Safety First- Ensure Safeguards Operate Effectivelyrovema-vffs-manual-details-safety-functions

Before anything else, safety should be your number one priority. It's important to ensure that all safety features on your machinery are functioning properly.

This includes guard doors, alarms and sensors. Checking these items will help you identify potential hazards and ensure that your employees are safe while operating the machinery.

Your machinery operator manual should have an entire section detailing operator safety measures and protocols. ROVEMA manuals can be downloaded here. 

Future Proofing- Look for parts obsolescence

When you're conducting your machinery audit, be sure to look for signs of obsolescence in the electronic components. The world of electronic components is constantly changing, with parts becoming obsolete. Supply chain stressors in the last two years have created long lead times on electrical components. You will need to plan several months in advance for an electrical upgrade, even with the upgrade happening in your facility, just so that the needed components can be delivered.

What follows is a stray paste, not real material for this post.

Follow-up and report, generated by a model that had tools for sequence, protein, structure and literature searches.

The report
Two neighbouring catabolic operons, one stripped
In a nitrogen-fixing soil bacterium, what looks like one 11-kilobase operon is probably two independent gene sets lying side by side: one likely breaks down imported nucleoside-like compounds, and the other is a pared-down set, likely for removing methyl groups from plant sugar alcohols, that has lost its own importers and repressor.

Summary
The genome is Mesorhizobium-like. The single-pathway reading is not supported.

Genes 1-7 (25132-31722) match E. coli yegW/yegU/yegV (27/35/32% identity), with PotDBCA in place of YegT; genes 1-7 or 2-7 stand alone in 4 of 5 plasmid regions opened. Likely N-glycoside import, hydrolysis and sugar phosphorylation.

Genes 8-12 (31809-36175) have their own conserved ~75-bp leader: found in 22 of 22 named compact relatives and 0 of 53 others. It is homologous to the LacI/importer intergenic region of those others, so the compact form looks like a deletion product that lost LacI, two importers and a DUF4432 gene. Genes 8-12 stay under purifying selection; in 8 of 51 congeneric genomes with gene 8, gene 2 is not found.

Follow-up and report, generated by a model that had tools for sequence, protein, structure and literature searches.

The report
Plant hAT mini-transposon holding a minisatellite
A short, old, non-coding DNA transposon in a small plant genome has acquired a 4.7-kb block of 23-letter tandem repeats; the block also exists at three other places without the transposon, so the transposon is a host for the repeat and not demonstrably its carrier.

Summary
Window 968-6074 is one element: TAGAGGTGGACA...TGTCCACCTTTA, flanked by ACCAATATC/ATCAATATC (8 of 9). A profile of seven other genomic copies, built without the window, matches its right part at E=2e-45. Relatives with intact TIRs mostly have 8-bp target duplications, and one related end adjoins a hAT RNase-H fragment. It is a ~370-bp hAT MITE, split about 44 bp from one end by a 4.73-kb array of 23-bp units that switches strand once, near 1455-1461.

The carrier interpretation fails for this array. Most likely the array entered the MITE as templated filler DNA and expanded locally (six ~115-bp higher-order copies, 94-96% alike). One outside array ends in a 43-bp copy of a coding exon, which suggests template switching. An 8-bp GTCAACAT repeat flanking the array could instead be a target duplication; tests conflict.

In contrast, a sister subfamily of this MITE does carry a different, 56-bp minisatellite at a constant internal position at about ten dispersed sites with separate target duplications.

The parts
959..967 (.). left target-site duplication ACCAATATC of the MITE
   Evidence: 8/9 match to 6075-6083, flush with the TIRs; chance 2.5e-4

By keeping a record of the age of the electrical components of your equipment and getting in front of any component obsolescence, you are essentially future-proofing your packaging machinery.  You can avoid disruptions in your production line and keep your operation running smoothly.

Make sure all prox switches and sensors are functioning as designed

Proximity switches are simple components that can cause big issues. Auditing your machinery should include the simple step of checking them and any small sensors, you can ensure that they are functioning as designed and avoid potential problems down the line.

Begin by checking that all of the sensors are clean and free of debris. If any of the sensors are dirty, they may not be able to properly detect objects passing by, which can lead to errors in the system.

Lastly, take a look at the cabling. Check for any signs of wear or damage, and make sure that all connections are secure. It's always helpful to have a few yards of cable in your parts crib on hand in case one goes bad.